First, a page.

How safe is London's Theatreland?
As investigators continue their work to establish what caused the ceiling to collapse at London's Apollo Theatre, theatre bosses and critics disagree on what shape West End theatres are really in.
More than 32,000 people attend the theatre in central London every night, according to the Society of London Theatre (Solt), which represents the producers, theatre owners and managers of 52 venues.
It said all of them undergo "rigorous safety checks and inspections", and both Solt and The Theatres Trust have today rushed to assure theatre-goers that occurrences such as that at the Apollo are "extremely rare".
The Stage critic Mark Shenton, who often posts pictures online of theatres in disrepair, told the BBC he believed "the state of some West End theatres beggars belief".
But Mhora Samuel, director of The Theatres Trust, which looks after buildings across the whole of the UK, said: "The public should be reassured that theatre owners carry out regular plasterwork inspections and maintenance regimes to ensure the safety of their buildings."
The Trust told the BBC that all theatres have what is known as a ceiling certificate, with all inspections "certified by independent experts".
Solt also confirmed at a meeting with all of the city's major theatre owners on the morning after the accident that all of their safety inspections and certificates are up to date.
It added that the capital's theatres all took "the safety of their audience, performers and staff very seriously".
The majority are Victorian buildings, including the Apollo, which dates back to 1901 and is Grade II listed.
'Lack of investment'
While there have been reassurances that this accident was a one-off, there have been several incidents where the structure of a theatre has been an issue.
In September, plaster fell on the stage at the Aldwych Theatre during a performance of the musical Top Hat. No-one was hit but the matinee was halted and subsequently abandoned.
The Royal Court received an emergency £300,000 grant from the Arts Council last year for "immediate and unexpected repairs".
And in 2011 the Comedy Theatre - now the Harold Pinter Theatre - cancelled a performance of The Children's Hour starring Keira Knightley at short notice for "essential building repairs".
Back in 2004, 15 people were injured when plaster fell from the ceiling of the Theatre Royal Haymarket.
Also in 2004, Andrew Lloyd Webber, who at the time owned the Apollo, suggested in the House of Lords that some of London's listed theatres should be demolished rather than restored.
At the Old Vic, meanwhile, a major refurbishment is planned, one of the objectives being to repair a historic leak in the roof.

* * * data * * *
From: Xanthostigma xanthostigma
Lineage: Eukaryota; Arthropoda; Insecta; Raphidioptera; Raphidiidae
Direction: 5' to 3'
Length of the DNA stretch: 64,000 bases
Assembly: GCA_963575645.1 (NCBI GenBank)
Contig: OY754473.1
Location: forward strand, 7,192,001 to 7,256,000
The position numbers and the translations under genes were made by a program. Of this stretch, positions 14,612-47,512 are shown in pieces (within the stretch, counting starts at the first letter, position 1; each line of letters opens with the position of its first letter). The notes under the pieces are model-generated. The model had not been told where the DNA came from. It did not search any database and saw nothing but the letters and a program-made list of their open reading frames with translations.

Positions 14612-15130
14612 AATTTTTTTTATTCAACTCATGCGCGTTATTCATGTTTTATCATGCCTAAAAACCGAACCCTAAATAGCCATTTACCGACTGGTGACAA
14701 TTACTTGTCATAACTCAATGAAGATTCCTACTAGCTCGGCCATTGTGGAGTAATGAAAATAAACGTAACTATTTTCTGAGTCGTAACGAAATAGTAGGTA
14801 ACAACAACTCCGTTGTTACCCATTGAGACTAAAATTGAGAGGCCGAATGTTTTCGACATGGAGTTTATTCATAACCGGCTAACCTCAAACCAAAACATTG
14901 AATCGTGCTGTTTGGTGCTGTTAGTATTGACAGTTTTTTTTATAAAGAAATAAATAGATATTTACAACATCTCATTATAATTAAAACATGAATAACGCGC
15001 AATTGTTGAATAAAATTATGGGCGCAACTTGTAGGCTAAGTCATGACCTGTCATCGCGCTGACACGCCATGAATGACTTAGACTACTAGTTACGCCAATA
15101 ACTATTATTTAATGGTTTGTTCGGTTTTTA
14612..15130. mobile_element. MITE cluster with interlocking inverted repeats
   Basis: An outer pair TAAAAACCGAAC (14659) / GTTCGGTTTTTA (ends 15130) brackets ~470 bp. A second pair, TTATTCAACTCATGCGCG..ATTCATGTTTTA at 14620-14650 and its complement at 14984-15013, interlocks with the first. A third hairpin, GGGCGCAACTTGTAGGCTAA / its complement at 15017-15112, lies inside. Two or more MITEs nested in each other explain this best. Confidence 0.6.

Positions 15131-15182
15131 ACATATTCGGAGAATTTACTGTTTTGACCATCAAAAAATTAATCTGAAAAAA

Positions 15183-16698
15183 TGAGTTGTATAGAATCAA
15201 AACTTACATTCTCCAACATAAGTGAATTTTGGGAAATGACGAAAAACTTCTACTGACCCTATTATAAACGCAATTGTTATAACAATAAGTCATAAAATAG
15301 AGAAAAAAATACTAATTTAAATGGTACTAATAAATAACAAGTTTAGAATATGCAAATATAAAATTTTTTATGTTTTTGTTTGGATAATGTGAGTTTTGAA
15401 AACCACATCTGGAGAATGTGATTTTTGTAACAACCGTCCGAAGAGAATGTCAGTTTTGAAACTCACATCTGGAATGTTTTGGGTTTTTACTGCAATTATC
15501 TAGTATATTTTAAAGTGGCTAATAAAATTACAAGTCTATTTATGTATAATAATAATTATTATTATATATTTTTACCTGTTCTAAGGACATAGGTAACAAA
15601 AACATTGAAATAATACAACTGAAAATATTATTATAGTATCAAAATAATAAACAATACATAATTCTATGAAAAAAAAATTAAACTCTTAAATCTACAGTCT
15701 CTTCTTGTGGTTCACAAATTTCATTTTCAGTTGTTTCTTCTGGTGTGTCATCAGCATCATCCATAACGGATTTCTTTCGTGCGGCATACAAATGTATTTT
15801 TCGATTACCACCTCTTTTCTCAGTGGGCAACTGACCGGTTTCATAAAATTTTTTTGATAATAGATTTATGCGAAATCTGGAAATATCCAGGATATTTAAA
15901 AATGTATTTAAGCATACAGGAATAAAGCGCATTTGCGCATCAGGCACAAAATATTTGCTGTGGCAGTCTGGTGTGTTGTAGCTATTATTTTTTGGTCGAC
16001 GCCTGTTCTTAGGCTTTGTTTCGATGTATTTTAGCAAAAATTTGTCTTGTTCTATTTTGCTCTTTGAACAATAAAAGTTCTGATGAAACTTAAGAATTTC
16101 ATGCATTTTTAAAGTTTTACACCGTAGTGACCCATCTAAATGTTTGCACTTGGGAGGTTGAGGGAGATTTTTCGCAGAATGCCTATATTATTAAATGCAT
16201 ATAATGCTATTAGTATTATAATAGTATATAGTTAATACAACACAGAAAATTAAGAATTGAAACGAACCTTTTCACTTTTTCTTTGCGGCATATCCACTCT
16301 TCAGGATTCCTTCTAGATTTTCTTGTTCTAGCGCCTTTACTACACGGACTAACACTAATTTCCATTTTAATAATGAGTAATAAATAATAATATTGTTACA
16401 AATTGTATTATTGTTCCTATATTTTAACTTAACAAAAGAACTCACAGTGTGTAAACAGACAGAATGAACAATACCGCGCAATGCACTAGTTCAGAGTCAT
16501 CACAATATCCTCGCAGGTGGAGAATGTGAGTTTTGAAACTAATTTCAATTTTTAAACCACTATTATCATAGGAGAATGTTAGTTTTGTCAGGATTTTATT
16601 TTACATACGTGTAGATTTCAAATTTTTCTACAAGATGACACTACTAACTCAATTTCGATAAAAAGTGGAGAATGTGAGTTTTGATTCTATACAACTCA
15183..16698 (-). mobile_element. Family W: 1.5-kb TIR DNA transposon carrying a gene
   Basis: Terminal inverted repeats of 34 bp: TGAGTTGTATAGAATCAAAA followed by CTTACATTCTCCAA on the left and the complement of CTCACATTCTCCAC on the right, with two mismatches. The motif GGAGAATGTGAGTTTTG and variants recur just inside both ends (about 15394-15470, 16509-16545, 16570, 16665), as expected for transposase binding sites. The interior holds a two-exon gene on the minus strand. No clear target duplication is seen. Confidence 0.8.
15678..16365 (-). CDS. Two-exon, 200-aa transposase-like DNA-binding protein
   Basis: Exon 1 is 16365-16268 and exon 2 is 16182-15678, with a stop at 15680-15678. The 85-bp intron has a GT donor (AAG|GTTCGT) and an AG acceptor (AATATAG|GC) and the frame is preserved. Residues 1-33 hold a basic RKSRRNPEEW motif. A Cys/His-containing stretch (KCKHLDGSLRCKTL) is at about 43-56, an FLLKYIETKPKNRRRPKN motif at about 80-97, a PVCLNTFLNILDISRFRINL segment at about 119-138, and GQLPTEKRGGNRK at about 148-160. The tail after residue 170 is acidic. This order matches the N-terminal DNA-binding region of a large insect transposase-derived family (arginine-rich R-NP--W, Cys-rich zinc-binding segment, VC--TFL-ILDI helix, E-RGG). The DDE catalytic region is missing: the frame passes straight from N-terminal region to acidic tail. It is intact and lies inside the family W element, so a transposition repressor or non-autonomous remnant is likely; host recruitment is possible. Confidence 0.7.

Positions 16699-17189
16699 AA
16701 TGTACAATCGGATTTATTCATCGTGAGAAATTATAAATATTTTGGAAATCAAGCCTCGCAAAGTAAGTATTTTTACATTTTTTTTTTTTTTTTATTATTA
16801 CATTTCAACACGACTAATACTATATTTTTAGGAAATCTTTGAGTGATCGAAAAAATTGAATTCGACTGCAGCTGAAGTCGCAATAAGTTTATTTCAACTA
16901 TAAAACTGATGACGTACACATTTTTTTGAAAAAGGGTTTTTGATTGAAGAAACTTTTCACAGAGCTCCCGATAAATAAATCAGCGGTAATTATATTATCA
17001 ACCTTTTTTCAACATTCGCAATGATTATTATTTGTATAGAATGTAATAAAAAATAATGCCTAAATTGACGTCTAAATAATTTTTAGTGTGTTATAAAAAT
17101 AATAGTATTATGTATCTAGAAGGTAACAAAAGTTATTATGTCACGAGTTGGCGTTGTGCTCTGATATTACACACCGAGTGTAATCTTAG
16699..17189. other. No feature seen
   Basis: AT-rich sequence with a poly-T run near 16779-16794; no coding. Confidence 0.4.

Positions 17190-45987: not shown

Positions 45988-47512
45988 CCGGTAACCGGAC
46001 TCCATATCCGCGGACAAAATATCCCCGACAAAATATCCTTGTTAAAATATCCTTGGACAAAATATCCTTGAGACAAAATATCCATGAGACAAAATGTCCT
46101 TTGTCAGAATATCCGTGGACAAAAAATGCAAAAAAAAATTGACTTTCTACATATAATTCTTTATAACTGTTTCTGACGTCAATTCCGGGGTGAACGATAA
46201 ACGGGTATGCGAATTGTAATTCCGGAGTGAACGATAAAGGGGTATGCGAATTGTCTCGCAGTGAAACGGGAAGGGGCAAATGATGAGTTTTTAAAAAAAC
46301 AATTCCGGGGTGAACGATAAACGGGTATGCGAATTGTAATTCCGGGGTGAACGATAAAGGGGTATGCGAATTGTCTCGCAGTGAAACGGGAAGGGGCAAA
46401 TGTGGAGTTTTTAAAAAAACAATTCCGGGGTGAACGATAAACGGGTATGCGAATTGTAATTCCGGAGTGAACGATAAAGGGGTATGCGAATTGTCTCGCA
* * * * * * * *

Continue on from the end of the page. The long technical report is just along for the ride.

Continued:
The Sunday Telegraph's theatre critic Tim Walker believes that there has been "under-investment" in London theatres.
"I've been in theatres and you think, my goodness, they haven't even been in here with a Hoover for a long time. There is an element of neglect. They should be a lot more modern and a lot more user-friendly," said Walker.
He added: "According to the latest figures, the West End is making about half a billion pounds of profit a year.
"I think when profits get that big, you start to wonder whether or not they're actually spending the money on reinvesting in their theatres, which are very old."
'Safe to attend'
Westminster Council told the BBC that the investigation into what happened at the Apollo on Thursday "will take some time".
Nicola Aiken, the council's cabinet member for community protection, told Radio 4's Today programme that district surveyors had "declared that the ceiling structure is sound and only plaster fell".
She added that they had been carrying out checks on all historic theatres' consents and licensing "because we want to reassure theatre-goers that theatres are safe to attend".
Shenton told the BBC he thought all West End theatres should have a new survey done "immediately" or face a "fundamental lack of trust" from audiences.
"I seriously don't think performances can go ahead until that happens," he said.
However, the Society of London Theatre has confirmed that all venues, apart from the Apollo, will remain open for business.
Performances of The Curious Incident of the Dog in the Night-Time have been cancelled up until 4 January 2014.
The Apollo is situated at the heart of London's Theatreland on the north side of Shaftesbury Avenue, along with the Lyric, the Gielgud and the Queen's.
The one-off Renaissance-style design was architect Lewen Sharp's only complete theatre. Since being built in 1901 it has only been altered in 1932 and 1991, according to The Theatre Trust's records.
Brian Atwood, editor of The Stage, said that until the results of the investigation "we should avoid simplistic assumptions that old theatre equals public danger".
He said the "Apollo disaster needs action and reflection" and that more money needed to be spent looking after West End theatres as "preservation does warrant investment".
Mark Field, MP for Cities of London and Westminster, said there had already been "a significant amount of investment in the fabric of many of central London's theatres in recent years".
But he added: "Clearly quite a lot of Theatreland does go back 100 years or more. There's been a significant programme of renovation in the last 10 years, but given that we've got 40 or 50 theatres in the whole West End it clearly won't have applied to every one of them."
Many London theatres, including those run by the three big owners - the Apollo's owners Nimax, Andrew Lloyd Webber's Really Useful Group and Cameron Mackintosh's Delfont Mackintosh - include a £1.50 "restoration levy" in the ticket price that goes towards the venue's up-keep.
However, critics such as Shenton have argued that there is a lack of transparency over how it is spent. He is in favour of "a central body" collecting and distributing the funds.